Snow fell in Chicagoland about a month ago, but then disappeared. There was no white Christmas. It rained on New Year’s day, enough that the water pooled in some areas (including our basement…) But today, a light snow has been falling since this morning: crisp, pristine, and accumulating.
My 9-year-old and 6-year-old have never been much for outdoor, so the idea of putting on winter gear and playing in the snow had zero appeal to them. They both thought it looked beautiful, but admired it from the distance inside the warmth of our house.
I did play outside as a kid, but I lived in the country with a wide expanse of space and freedom. On a wintery day like this, I had surrounding hills that were perfect for sledding. And when out of energy, soaked through, and red-cheeked, I could return indoors and warm by the woodstove. Radiant heat is perfection.
At the same time, I don’t remember spending entire days outside. For winter break, or long summers of no school, I recently found myself wondering what I did to pass the time. As a full-time working parent, I send my kids to full-day camps when possible, but this year the winter break back-to-school day was a Tuesday, leaving us to entertain ourselves on Monday. On days like this or weekends, our “screen time” is designated times of the day, which are well-known and strictly enforced, leaving a large amount of time to fill in the middle and children that have no affinity for being outside.
It was a Christmas gift that I received this year that reminded me of something I adored as a child. My brother and sister-in-law got me an adult paint-by-number set. Instantly, I remembered sitting in the kitchen of the farmhouse that I grew up in, with my sister. We would spent hot summers at that kitchen table, either with a paint-by-number or a puzzle, listening to a “book on cassette” from the library. I remember intently bending over my projects at the table, while simultaneously hooked on whatever book we were listening to.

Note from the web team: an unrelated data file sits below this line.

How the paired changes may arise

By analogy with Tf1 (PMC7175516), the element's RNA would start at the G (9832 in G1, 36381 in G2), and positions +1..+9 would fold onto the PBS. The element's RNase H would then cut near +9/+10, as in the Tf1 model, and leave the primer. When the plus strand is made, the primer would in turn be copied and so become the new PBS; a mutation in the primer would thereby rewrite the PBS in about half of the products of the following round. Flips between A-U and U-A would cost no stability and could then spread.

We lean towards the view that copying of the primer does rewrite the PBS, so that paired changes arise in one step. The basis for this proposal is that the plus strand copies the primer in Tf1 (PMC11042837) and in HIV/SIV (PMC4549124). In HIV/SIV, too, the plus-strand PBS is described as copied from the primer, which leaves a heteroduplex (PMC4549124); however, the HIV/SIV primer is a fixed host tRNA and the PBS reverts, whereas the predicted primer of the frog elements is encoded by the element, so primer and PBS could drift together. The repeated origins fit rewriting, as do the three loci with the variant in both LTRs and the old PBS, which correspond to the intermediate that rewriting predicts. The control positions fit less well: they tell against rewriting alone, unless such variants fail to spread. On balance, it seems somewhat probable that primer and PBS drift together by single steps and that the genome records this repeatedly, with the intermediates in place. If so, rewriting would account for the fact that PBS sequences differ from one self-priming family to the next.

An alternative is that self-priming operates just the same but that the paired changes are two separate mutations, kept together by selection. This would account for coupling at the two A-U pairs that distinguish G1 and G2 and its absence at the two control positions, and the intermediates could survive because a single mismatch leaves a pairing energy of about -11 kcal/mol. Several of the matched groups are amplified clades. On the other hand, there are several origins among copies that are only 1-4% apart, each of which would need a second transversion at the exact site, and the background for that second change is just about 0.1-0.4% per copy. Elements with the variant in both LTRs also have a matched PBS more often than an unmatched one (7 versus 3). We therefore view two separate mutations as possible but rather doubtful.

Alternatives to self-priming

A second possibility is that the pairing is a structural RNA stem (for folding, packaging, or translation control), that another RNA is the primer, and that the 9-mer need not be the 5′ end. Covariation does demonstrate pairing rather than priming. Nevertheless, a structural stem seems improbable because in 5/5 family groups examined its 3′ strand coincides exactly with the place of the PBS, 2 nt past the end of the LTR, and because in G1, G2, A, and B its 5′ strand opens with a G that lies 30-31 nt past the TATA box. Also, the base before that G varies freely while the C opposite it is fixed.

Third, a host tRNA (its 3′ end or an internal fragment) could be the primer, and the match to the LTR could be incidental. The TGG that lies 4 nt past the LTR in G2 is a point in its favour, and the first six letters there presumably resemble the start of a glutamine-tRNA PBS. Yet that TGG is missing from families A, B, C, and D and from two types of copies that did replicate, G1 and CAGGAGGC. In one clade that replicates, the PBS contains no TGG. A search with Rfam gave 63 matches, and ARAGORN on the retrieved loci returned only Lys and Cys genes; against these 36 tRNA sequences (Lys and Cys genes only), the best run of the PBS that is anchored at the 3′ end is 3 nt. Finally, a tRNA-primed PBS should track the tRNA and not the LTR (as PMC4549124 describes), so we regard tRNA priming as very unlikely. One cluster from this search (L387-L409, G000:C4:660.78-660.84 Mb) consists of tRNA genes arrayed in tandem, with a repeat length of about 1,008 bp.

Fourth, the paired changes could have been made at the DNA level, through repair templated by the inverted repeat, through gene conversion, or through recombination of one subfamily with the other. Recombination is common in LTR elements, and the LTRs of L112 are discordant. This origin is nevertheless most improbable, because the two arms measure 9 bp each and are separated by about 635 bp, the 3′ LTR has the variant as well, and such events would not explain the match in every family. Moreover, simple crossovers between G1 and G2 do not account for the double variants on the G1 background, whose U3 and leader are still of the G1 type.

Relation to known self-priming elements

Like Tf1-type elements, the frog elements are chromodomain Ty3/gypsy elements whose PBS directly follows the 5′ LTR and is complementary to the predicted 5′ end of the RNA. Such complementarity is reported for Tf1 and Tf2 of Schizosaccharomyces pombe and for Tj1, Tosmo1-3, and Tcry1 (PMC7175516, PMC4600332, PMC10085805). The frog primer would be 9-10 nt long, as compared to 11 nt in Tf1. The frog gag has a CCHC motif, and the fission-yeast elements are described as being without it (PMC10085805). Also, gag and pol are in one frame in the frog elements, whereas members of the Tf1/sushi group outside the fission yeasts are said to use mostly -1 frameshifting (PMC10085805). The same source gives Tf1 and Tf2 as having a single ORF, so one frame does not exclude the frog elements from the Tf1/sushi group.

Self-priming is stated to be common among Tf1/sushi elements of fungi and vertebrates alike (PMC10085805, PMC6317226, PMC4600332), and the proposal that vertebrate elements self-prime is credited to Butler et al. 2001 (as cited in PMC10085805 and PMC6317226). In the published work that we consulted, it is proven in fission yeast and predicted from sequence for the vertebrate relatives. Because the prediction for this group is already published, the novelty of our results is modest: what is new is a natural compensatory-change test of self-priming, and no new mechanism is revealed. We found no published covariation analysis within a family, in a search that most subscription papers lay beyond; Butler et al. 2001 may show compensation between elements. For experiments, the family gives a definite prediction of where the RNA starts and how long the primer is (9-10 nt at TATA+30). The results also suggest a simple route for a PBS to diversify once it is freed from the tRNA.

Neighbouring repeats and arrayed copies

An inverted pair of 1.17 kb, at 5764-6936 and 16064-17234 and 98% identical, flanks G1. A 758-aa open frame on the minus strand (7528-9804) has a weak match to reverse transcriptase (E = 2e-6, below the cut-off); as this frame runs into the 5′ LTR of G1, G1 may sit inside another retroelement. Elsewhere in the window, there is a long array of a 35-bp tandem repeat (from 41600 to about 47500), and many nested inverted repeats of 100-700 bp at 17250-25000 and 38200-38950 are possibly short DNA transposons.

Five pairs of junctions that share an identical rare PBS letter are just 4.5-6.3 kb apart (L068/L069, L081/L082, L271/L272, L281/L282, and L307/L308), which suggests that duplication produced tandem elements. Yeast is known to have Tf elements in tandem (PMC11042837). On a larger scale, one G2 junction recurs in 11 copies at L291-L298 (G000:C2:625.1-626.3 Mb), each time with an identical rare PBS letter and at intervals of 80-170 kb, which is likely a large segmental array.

My kiddos love to create things. Their drawings are scattered about the house. And as I remembered how much I loved that time spent at my kitchen table growing up, I figured that I could create a similar environment at home. Well, the environment already exists, but make it a more dedicated space and allow time for me to be creative as well. Our “snow day” was a perfect opportunity.
While my 17-month-old and husband napped (both recovering from a virus this week), it seemed like the perfect opportunity. I told my kids it was “creative time.” I pulled out a stack of magazines, including Highlights and National Geographic (both of which we subscribe) and Popular Science (somehow receiving for free?!) along with some composition notebooks and I told them that we were making collages. The 6-year-old asked if he could paint instead, and I told him “of course.” The result was that the 9-year-old drew Pokemon in his notebook. The 6-year-old painted the outside winter wonderland scene. And I created a collage of photos and words (poem?) from National Geographic.
We have a fairly regimented “quiet time” in our house from roughly 1:00 pm — 3:00 pm on weekends, in which everyone retreats to his or her room for either napping, reading, or doing something else quietly. After that time, I channeled the other love of my youth: a puzzle and audiobook.
I should preface with: my kids love Audiobooks. They both have Echo Dots in their rooms and access to our Audible account. Favorites have been all of the Harry Potter books, Charlie and the Chocolate Factory, and Charlotte’s Web.
So for the time between “quiet time” and “screen time” in our afternoon, it was Puzzle and Audiobook time.
The older kids brought up two puzzles: 100 pieces and 150 pieces. They worked together on assembly while listening to Danny the Champion of the World by Roald Dahl. As an avid reader, this is a new book even for me. The 17-month-old sat in her booster seat with a simple puzzle on her tray. I sat at the kitchen table, watching my three kiddos work on their puzzles, with a glass of sauvignon blanc, writing this.
An afternoon well spent.